Boxer from Orwell’s ‘Animal Farm’ is a particularly pertinent character to analyse when considering the teaching profession. Boxer believes in the ideology of the pigs. He works as he feels it is his duty and the right thing to do. He works and works building a windmill for the pigs and works until he can no longer work. Then the pigs sell him to a glue factory.

The tasks Boxer had to do were almost insurmountable and in performing his duty he destroyed himself.

How many teachers are not sleeping enough, eating enough, drinking too much, passing their children like ships in the night and only seeing their partners eating or asleep? Teachers cannot do more and many do way too much already.

If we cannot change teachers then must we not look instead at the ideologies driving this high demand on staff time and change teaching?

Why not have more than one teacher a year? Why not have a different teacher per unit? Why not let teachers collectively design a rotation of specialisms in each year group and take responsibility for that unit all year? It works brilliantly in Design Technology departments around the country, why not do the same with all subjects? Project based learning on a rotation with different skill foci. When we teach the same units we have the chance to refine our lessons and deliver even better provision without needing to reinvent the wheel. Won’t this reduce workload?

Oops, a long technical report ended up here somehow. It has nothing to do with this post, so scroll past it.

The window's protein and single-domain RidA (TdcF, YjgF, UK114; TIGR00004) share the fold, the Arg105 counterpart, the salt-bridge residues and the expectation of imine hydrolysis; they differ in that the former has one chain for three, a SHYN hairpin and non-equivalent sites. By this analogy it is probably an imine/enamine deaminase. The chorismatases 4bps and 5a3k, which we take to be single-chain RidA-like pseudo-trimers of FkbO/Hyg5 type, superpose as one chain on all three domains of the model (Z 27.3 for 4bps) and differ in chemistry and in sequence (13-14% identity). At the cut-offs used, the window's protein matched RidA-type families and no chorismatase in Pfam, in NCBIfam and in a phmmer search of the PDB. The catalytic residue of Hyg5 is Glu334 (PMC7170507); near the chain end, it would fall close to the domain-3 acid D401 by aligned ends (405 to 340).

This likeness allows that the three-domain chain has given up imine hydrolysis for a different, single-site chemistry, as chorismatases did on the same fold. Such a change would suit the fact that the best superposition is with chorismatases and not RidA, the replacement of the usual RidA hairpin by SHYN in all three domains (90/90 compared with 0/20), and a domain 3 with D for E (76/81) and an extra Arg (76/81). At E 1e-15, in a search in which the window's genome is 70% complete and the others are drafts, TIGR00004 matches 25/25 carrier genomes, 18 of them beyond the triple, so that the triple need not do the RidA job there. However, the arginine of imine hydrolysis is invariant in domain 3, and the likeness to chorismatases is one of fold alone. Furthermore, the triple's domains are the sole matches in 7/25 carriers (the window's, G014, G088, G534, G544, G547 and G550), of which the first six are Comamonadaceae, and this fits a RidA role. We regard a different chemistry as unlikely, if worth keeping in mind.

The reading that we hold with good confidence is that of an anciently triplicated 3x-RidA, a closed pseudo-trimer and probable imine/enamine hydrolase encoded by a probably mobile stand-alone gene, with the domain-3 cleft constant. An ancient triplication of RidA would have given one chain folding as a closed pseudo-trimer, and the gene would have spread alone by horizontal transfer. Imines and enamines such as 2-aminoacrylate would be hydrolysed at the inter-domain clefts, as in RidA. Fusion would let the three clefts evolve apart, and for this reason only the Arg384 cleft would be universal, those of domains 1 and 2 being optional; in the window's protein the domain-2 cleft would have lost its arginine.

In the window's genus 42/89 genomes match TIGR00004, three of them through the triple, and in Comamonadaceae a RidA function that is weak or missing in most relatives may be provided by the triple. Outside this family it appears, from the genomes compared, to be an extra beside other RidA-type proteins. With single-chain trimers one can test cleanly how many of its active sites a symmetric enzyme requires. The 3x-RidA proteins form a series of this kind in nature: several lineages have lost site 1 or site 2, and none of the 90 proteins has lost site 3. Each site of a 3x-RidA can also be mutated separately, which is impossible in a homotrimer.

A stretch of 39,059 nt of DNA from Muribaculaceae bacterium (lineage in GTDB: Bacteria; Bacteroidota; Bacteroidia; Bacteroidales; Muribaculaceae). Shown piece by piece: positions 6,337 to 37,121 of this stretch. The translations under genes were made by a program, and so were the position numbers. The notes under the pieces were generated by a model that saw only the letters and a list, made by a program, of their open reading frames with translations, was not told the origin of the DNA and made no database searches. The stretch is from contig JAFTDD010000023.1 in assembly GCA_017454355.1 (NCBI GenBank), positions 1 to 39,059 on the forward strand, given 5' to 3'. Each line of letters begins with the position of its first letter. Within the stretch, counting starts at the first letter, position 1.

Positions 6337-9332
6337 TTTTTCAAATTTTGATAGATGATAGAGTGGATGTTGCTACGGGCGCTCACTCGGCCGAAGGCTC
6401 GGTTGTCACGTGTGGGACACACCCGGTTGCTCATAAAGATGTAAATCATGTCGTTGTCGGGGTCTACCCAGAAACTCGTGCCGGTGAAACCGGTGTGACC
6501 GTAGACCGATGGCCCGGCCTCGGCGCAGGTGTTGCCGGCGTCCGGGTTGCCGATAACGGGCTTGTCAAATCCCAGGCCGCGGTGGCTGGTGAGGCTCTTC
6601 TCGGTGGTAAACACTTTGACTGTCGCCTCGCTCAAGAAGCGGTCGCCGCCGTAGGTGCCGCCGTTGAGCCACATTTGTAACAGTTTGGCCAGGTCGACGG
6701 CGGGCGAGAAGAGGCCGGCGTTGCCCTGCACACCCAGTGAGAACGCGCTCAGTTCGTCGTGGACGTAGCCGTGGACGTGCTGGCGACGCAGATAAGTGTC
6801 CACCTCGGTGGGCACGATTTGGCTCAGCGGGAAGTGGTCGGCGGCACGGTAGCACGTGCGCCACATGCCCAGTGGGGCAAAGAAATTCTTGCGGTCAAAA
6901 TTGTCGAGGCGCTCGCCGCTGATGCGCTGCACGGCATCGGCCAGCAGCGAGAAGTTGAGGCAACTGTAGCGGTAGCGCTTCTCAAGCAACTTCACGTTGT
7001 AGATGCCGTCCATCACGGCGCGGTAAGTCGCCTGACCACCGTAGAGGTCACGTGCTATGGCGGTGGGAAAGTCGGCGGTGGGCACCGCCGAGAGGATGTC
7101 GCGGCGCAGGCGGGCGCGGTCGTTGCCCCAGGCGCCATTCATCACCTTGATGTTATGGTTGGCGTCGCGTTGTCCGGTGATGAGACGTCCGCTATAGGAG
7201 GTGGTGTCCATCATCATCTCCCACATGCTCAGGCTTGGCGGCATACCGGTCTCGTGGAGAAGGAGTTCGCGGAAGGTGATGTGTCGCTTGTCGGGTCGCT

Why not allow the pupils responsibility for their learning and facilitate it by providing a range of specialised tools and resources designed to deliver specific subject content and a task that will show the skills and knowledge gained at the end? A proper project that’s properly resourced. Not only would this be a better proxy for the learning that has taken place but wouldn’t this reduce workload?